How to be a Responsible Pet Owner

It is a real privilege to share your home– and life– with a pet. Whether you’re a dog person, a cat person, or have another preference entirely… pets are undoubtedly the most loyal friends a human will ever have.

With that being said, the benefits of pet ownership come with a huge obligation to be responsible.

Some say that caring for a dog is like caring for a child. It is much easier for an (irresponsible) pet owner to suddenly decide “it’s just not working out” and turn a dog over to an adoption agency. When life changes, you wouldn’t give up and hand your own child over… would you?

Responsible Pet Ownership Begins Before You Own a Pet

The decision to own a pet should not be taken lightly, and it should never be impulsive. Give yourself time to think things through rationally.

Not only should you be confident in your ability to give a good home to a cat or a dog, but you should also be confident in the security and stability of that residence. Many of the animals available for adoption were surrendered due to an unexpected relocation to a smaller living space.

As a general rule of thumb, puppies or dogs require much more adjustment than a kittens or cats. A canine will need to be taken out for several walks each day, while a feline can do their business inside.

Those who act on impulse to take in a cute puppy are hardly prepared for the sleepless nights, the stress and stains of house-training, and the other realities of owning a dog. Likewise, cats can also be more of a handful than what you initially expected when those big kitten eyes stole your heart. They bite, scratch, and smother you with attention at the most inopportune times.

So before you decide to buy (or better yet, adopt!) a puppy, kitten, or pet… take some time to think it through and ask the important questions:

What kind of pet is best suited for your home and lifestyle?

Are you ready to commit to the relationship with your pet for the next 20 years? (Approximately.)

If you work outside of the home, or travel, who will care for your pet while you are away?

Can you afford a pet? Not only should you have the money today (to buy the animal or pay adoption fees) but you should have enough security and extra cash flow to cover the cost of food, toys, activities, health, and emergencies.

If you are considering a puppy, are you capable of spending 2 hours every day to give a dog proper exercise and socialization?

If you are considering a kitten, will your cat be kept indoors or allowed outdoors?

Give Some Real Thought to the Reality of Pet Ownership

Outdoor park dog signIt’s not always cuddling with your furry friend during Wheel of Fortune, or having “someone” who will listen to your dirty little secrets and love you anyways. There are inconveniences that you should be absolutely prepared for… whether it’s fleas/ticks or simply walking around the park with a bag of doggie droppings in your hand.

If you can deal with that, great! Continue on…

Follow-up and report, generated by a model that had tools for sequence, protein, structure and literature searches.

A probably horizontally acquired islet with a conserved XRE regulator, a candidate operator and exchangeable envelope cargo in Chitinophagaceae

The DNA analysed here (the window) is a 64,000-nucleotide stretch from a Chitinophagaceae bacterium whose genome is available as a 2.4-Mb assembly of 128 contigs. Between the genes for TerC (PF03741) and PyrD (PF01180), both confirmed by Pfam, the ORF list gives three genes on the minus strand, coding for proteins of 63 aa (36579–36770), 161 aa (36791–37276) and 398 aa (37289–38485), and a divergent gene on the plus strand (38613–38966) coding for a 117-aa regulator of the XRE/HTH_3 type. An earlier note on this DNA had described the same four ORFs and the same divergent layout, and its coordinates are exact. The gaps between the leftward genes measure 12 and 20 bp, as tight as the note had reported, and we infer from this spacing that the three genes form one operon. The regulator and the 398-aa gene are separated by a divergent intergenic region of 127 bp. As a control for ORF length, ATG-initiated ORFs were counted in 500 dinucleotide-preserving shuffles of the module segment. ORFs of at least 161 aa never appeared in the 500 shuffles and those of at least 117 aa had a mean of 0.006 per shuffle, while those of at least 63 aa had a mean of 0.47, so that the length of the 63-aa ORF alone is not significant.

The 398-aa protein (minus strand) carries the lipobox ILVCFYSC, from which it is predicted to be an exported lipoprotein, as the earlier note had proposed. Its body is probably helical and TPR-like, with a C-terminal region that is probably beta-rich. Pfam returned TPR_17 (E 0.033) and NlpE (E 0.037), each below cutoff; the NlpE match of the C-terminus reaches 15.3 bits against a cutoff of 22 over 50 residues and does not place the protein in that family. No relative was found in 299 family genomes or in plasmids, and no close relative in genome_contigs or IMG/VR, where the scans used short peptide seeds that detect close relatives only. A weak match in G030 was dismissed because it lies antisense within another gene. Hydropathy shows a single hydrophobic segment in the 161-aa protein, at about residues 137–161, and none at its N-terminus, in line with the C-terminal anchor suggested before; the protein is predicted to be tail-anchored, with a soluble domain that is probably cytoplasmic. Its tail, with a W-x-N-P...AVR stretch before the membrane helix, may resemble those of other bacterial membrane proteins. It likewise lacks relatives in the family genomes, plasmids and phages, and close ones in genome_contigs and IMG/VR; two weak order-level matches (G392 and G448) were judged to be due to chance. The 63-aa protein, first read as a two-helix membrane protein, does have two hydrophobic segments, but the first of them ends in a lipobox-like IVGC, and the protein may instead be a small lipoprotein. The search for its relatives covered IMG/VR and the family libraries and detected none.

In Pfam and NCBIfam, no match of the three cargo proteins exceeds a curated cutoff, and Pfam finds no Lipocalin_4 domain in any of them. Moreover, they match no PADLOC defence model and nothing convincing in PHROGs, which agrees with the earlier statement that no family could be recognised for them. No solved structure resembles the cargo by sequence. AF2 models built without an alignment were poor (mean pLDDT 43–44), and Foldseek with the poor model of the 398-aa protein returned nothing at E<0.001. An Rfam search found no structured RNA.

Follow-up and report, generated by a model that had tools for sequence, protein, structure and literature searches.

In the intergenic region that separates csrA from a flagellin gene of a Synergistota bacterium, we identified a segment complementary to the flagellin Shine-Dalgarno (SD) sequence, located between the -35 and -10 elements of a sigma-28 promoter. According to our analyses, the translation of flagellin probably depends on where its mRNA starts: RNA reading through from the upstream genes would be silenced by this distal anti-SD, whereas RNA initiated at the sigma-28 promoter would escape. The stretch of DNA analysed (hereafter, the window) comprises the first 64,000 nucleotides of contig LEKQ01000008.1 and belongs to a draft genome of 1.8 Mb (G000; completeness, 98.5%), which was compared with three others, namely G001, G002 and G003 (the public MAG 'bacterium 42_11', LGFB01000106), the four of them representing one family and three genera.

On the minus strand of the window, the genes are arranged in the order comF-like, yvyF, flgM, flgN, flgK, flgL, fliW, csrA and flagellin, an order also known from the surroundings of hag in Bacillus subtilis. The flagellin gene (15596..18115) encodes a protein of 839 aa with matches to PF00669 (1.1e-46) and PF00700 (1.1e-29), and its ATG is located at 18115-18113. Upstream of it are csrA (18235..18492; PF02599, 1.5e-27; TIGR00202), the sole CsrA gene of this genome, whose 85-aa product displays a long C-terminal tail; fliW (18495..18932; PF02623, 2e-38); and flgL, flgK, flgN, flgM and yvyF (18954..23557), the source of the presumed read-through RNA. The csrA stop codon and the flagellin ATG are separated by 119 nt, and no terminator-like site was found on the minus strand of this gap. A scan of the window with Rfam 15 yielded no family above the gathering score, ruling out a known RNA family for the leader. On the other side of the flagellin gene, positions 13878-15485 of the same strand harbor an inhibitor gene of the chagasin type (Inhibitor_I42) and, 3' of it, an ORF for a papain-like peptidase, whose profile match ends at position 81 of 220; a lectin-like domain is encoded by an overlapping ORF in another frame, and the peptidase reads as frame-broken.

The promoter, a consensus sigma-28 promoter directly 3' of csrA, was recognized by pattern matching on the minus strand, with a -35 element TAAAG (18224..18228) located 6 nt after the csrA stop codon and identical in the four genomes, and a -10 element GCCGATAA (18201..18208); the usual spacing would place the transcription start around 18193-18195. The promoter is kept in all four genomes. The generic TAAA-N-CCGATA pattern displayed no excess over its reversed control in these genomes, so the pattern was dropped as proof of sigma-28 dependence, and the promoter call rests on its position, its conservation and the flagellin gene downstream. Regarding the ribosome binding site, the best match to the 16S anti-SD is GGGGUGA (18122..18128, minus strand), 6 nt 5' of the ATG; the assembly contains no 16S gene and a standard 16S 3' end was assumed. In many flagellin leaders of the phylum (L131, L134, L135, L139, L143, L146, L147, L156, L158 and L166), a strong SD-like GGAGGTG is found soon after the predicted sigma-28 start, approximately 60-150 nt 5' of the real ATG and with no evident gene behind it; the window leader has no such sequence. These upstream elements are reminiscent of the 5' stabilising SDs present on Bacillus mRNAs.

Consider Pet Adoption

Even if it was a puppy or kitten for sale that initially brought you to consider pet ownership, there are many reasons to consider adoption instead. The short version—it’s the responsible thing to do. View all pets available for adoption.

Spay or Neuter Your Pets!

There is a growing overpopulation in stray/feral animals, and if you’re not part of the solution then you are part of the problem! It goes without saying that any cat that is allowed outside should be spayed or neutered first. New puppies or kittens are often an unexpected (and unwanted) surprise that you can prevent.  Of course, this is another strong reason to consider adoption because your new pet will already be spayed or neutered… saving you money in the long run.

Don’t “Collect” Pets.

For some, it can be tempting.

You’re already doing so well with one dog and two cats… why not take in another puppy too?

Well, there are a number of reasons! First of all, it is not fair to the pets you already own when you decide to bring a new animal into the family. There is less attention to go around for each pet. It also becomes more expensive to care for multiple pets, reducing your ability to be prepared for a medical emergency.

While there is nothing wrong with owning multiple pets, there is something wrong with owning too many pets. Know where the line should be drawn, and don’t cross it!

Know Who Is Responsible for Pet Maintenance.

Another problem that contributes to overpopulated pet adoption centers, related to impulsive decision making, is when a child is given a pet and it turns out they weren’t mature enough to handle the responsibility after all.

Well this can be avoided by being a responsible parent! It is your obligation to teach your child what it means to be a responsible pet owner, leading by example.

As the adult, the responsibilities of pet maintenance will be yours to fulfill, and that’s a strong reason not to give in to a child when you aren’t ready to handle the commitment.

In Summary

You feel ready for a pet when you can commit to 20 years of giving (and receiving) the love, attention, and companionship that come with the mutually beneficial relationship. Yet you won’t know that you’re ready until you’re also capable of accepting the responsibility.

The reality of caring for a pet can be costly and can require more work than you expected. In the long run, the worst thing to do is “give up” on a pet.

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